Susie Ekberg Risher, Published April 08 2014
50/50: Diet, exercise changes have deeper impact than just on the scale
“Good, can you read the next line?”
I’m sitting in the blue Captain Kirk swivel chair at the eye doctor’s office. I’ve always had great eyesight – never needed glasses.
“Just wait until you’re 40,” my brother-in-law told me.
But my face remained glasses-free despite the thousands of hours reading in dim light or sitting too close to the TV.
“Just wait until you’re 50,” he told me next.
OK, by the time I was 50, I had to squint a little, but I thought I was just too lazy to focus. So at age 53, with a cute pair of glasses on my face (see my column photo), my vision was now crystal clear.
But I never liked the idea of deteriorating eyesight. Society tells us that as we get older we go downhill. We get stiff; we get tired, we get fat; we lose our hearing and sight; we get diseases and generally just fall apart. I’m not buying it.
About three weeks ago I noticed that I couldn’t see properly with my glasses. I don’t know how to explain what that means other than over the course of a week I could tell my vision was changing more every day. So I made an appointment to get my eyes checked.
“Huh,” the doctor said, “I can’t quite understand this, but I may have a theory.”
I shifted a little uncomfortably and waited for her to continue.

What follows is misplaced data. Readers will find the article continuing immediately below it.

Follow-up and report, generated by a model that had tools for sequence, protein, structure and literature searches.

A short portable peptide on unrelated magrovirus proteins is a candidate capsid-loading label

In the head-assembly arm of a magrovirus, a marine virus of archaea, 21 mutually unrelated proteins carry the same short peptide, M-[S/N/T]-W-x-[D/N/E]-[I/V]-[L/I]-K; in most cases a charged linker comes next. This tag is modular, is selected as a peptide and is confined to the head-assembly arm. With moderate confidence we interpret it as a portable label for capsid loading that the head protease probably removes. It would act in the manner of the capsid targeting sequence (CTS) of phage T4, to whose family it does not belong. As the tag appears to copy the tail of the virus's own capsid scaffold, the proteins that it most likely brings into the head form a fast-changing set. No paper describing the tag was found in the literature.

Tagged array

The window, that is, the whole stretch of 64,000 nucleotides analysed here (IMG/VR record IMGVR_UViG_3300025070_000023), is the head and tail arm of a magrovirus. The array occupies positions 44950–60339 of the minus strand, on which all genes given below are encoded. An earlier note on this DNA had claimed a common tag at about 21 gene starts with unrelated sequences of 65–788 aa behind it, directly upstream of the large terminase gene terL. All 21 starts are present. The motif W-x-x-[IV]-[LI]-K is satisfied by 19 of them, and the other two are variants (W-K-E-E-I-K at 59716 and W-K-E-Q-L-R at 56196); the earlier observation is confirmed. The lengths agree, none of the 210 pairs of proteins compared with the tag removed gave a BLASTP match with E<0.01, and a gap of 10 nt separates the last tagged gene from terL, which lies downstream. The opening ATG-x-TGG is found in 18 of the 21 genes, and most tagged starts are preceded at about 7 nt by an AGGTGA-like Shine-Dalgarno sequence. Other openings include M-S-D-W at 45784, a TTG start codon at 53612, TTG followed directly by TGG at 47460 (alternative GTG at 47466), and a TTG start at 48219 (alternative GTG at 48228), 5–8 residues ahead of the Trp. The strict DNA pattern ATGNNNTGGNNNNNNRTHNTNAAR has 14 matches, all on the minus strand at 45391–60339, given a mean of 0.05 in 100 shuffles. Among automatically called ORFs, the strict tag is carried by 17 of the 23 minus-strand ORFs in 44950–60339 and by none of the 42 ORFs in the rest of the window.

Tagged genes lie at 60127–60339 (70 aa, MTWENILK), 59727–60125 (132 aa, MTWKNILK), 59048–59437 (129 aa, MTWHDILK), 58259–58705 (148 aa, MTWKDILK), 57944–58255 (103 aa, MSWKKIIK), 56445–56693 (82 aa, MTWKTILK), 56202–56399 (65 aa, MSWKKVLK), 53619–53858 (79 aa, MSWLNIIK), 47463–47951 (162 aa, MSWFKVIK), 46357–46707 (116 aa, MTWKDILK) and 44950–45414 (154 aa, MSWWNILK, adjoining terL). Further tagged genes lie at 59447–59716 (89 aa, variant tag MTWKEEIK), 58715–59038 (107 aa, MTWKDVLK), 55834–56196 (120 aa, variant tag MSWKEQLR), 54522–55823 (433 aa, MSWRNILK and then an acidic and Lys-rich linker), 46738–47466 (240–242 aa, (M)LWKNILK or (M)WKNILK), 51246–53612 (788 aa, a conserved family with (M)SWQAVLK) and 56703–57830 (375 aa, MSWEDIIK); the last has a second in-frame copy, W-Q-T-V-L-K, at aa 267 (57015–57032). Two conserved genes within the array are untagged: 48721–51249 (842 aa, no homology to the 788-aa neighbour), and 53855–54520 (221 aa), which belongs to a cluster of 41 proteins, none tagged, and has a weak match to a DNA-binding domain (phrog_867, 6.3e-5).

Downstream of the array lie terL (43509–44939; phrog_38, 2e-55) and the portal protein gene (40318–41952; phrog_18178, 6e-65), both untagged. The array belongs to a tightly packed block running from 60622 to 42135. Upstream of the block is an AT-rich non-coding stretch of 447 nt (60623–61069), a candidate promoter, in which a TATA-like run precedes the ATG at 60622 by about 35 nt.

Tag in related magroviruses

“So your uncorrected vision was 20/70, but now it’s 20/30. Do you have any thoughts as to how this could’ve happened?” she asked.
“Well, I haven’t eaten refined sugar since Jan. 1, and I’ve been gluten free for the past six weeks. It really started about two weeks after I went off gluten.”
“I think the decreased inflammation in your eyes improved your eyesight,” she finally said. “Were you doing anything else?”
So while I may lament the slow decrease of the scale numbers, I am now understanding in a real way that all of the changes I’m making are having a deeper impact than helping me look good in my distressed jeans and weighing what I did in high school. We’re talking health here.
I think I’m turning back the clock through just nutrition and exercise, and that’s astonishing. Really. I know the 22 pound loss is also good for my health, but what else is going on beneath the surface?
I think of my liver, my kidneys, intestines, heart, lungs, muscles and bones. Are they getting as buff as my backside?
Out of curiosity I went in to my amazing doctor, Tracy Martin, for a complete round of tests to compare to my October test results.
We’re checking my cholesterol (it was 265 back in October), along with glucose (Mom had diabetes), as well as Vitamin D (mine’s been tanked at 31 for the past two years) and other good ones. I’ll let you know how that turns out.
This is the 50 percent that goes on inside of me, not anything you can see on the outside. This is all internal, and I never thought a significant eye improvement was even possible.
Maybe there are no limits to our ability to improve our health just by diet and exercise. I have goose bumps just typing that.
And guess what song came on the radio while I was on the way home from the eye doctor? “I Can See Clearly Now.”
Susie Ekberg Risher is a writer living in Fargo. Follow her on a yearlong journey to lose 50 pounds – half through emotional work and half through physical effort. Readers can reach her at email@example.com.